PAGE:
Today's topic is See and today's post is from Brett Lubarsky, Director, Jewish Teen Initiative of Greater Boston.
We far too often live by our alerts, to-do lists, notifications, scheduled events and reminders. Driven to accomplish, succeed and experience, it is not uncommon that we find ourselves over-scheduled and tired. (Almost) every day, my practice has been to try to carve out time for wonder. While some days are more successful than others, it stretches me to focus on those things which I do not typically notice. It may be a sunset, reflection, or even a certain location. Whether on a walk or drive, it amazes me how much I discover as new - even when I have traveled that route countless times before. There is so much we don’t often see because we’re too focused on our destination.
Abraham Joshua Heschel teaches that, “Our goal should be to live in radical amazement. ...get up in the morning and look at the world in a way that takes nothing for granted. Everything is phenomenal; everything is incredible; never treat life causally. To be spiritual is to be amazed.”
Over the past few years, significant amounts of research have been conducted around the impacts that happiness and positivity have on our brains and lives. Positive psychology is a growing field, and the concept of flourishing raises some significant questions about how we go about our daily lives and find meaning in who we are and what we do. The science behind awe and wonder is quite fascinating. Life during COVID-19 has, in many cases, slowed things down...or at least has altered our concepts of and interactions with time. Routines are different. Priorities shift. Perhaps this has been an opportunity for us to see things differently than we did before. In preparing for the new year, how can we exercise our spiritual muscles in new and different ways? Can we shift the ways in which we perceive things? Where can we find new meaning and amazement in our lives? Maybe it’s been there...and we just haven’t been able to see it.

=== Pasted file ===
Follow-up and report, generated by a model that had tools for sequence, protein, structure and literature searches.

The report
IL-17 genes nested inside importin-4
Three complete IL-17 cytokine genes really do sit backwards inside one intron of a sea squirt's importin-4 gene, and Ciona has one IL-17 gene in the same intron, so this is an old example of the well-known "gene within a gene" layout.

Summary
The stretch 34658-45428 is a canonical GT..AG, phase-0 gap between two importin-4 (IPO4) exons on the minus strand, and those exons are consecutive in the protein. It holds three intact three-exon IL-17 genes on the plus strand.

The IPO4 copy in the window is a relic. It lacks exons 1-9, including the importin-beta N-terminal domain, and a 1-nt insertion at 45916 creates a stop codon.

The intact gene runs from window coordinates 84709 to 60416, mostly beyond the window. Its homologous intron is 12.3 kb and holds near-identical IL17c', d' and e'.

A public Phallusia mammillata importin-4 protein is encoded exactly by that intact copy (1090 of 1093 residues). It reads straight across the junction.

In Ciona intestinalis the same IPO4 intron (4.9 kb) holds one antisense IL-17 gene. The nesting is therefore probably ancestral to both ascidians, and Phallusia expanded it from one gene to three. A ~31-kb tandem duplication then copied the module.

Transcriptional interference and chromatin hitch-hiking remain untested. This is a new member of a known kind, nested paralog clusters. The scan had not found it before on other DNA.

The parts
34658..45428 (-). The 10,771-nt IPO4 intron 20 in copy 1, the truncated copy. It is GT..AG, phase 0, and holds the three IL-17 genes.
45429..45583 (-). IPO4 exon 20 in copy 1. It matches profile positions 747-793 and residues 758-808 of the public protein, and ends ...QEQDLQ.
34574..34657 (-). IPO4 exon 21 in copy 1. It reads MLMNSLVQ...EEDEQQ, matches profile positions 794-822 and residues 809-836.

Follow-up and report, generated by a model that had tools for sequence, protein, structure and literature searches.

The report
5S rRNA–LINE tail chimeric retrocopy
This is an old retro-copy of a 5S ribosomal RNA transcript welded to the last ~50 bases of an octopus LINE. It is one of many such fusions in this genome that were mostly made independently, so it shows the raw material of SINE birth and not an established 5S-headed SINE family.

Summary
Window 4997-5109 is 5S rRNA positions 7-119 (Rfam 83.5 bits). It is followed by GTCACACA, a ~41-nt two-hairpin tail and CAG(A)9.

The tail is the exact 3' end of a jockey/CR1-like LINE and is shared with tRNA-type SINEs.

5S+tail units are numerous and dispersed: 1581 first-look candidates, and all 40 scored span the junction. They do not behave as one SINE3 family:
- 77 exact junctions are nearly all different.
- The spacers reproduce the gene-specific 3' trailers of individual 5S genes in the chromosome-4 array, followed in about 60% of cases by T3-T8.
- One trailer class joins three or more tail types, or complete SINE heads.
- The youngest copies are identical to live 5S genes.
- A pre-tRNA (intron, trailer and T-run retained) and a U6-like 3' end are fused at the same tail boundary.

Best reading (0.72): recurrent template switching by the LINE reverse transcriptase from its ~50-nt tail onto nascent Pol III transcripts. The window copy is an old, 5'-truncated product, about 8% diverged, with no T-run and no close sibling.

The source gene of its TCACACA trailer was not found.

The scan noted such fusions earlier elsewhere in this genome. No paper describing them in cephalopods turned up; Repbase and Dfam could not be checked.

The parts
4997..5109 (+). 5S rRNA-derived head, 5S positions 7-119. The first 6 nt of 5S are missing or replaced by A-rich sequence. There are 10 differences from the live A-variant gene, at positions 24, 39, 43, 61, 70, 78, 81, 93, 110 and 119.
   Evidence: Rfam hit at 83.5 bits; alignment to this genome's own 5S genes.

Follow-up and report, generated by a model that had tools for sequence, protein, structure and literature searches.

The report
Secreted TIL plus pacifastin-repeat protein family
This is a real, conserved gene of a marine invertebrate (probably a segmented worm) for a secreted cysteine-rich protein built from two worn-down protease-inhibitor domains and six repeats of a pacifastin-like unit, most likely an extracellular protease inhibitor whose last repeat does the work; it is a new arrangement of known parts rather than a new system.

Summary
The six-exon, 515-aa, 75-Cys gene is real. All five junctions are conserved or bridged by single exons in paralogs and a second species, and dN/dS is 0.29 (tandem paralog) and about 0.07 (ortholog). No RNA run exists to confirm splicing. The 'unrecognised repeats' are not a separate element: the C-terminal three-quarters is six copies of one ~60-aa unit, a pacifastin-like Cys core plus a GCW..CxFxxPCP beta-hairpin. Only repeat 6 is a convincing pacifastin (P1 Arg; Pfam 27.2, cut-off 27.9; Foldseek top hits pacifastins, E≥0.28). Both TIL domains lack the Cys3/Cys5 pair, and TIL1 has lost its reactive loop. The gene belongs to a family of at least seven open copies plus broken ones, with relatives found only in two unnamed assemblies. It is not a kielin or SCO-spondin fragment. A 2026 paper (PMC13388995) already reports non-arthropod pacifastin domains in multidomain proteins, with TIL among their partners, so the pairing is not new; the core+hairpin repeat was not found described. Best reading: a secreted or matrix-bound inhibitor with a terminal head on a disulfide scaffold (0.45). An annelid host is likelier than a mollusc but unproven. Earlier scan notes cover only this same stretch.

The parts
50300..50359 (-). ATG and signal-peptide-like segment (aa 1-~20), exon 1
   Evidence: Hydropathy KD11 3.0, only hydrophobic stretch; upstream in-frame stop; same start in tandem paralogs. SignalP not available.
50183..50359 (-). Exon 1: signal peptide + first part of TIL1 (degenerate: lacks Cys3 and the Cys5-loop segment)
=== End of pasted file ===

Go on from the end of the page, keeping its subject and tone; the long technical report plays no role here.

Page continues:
Today’s topic is Trust
Trust is embedded in almost everything we do. Since this is #ExploreElul and we are looking at Elul from a STEM perspective, let’s look at Trust the same way, trusting that an experiment or procedure will work even if it doesn’t look like it will and not giving up too early.
For this week’s experiment we are looking at two common reactions: baking soda and vinegar which makes an awesome volcano; and sugar, water and yeast, which is how bread is able to have a lovely, pillowy texture.
Both of these reactions create gases, which we are demonstrating using a balloon that will inflate as the reactions continue. In our video, you’ll notice that the baking soda and vinegar reaction is almost instantaneous, while the sugar and yeast reaction is slow and steady.
Science, and baking, have proven time and again that these reactions will work, but even we at JEdSTEM had a moment of uncertainty watching the sugar and yeast. We trusted the reaction was taking place, and began to notice the little twitches as the balloon filled up.
Try out the experiment at home! Be sure to use proper safety procedures and tag @jedstem and #ExploreElul in your post!
JEdSTEM aims to develop engaged, curious, and innovative Jewish minds for the modern world.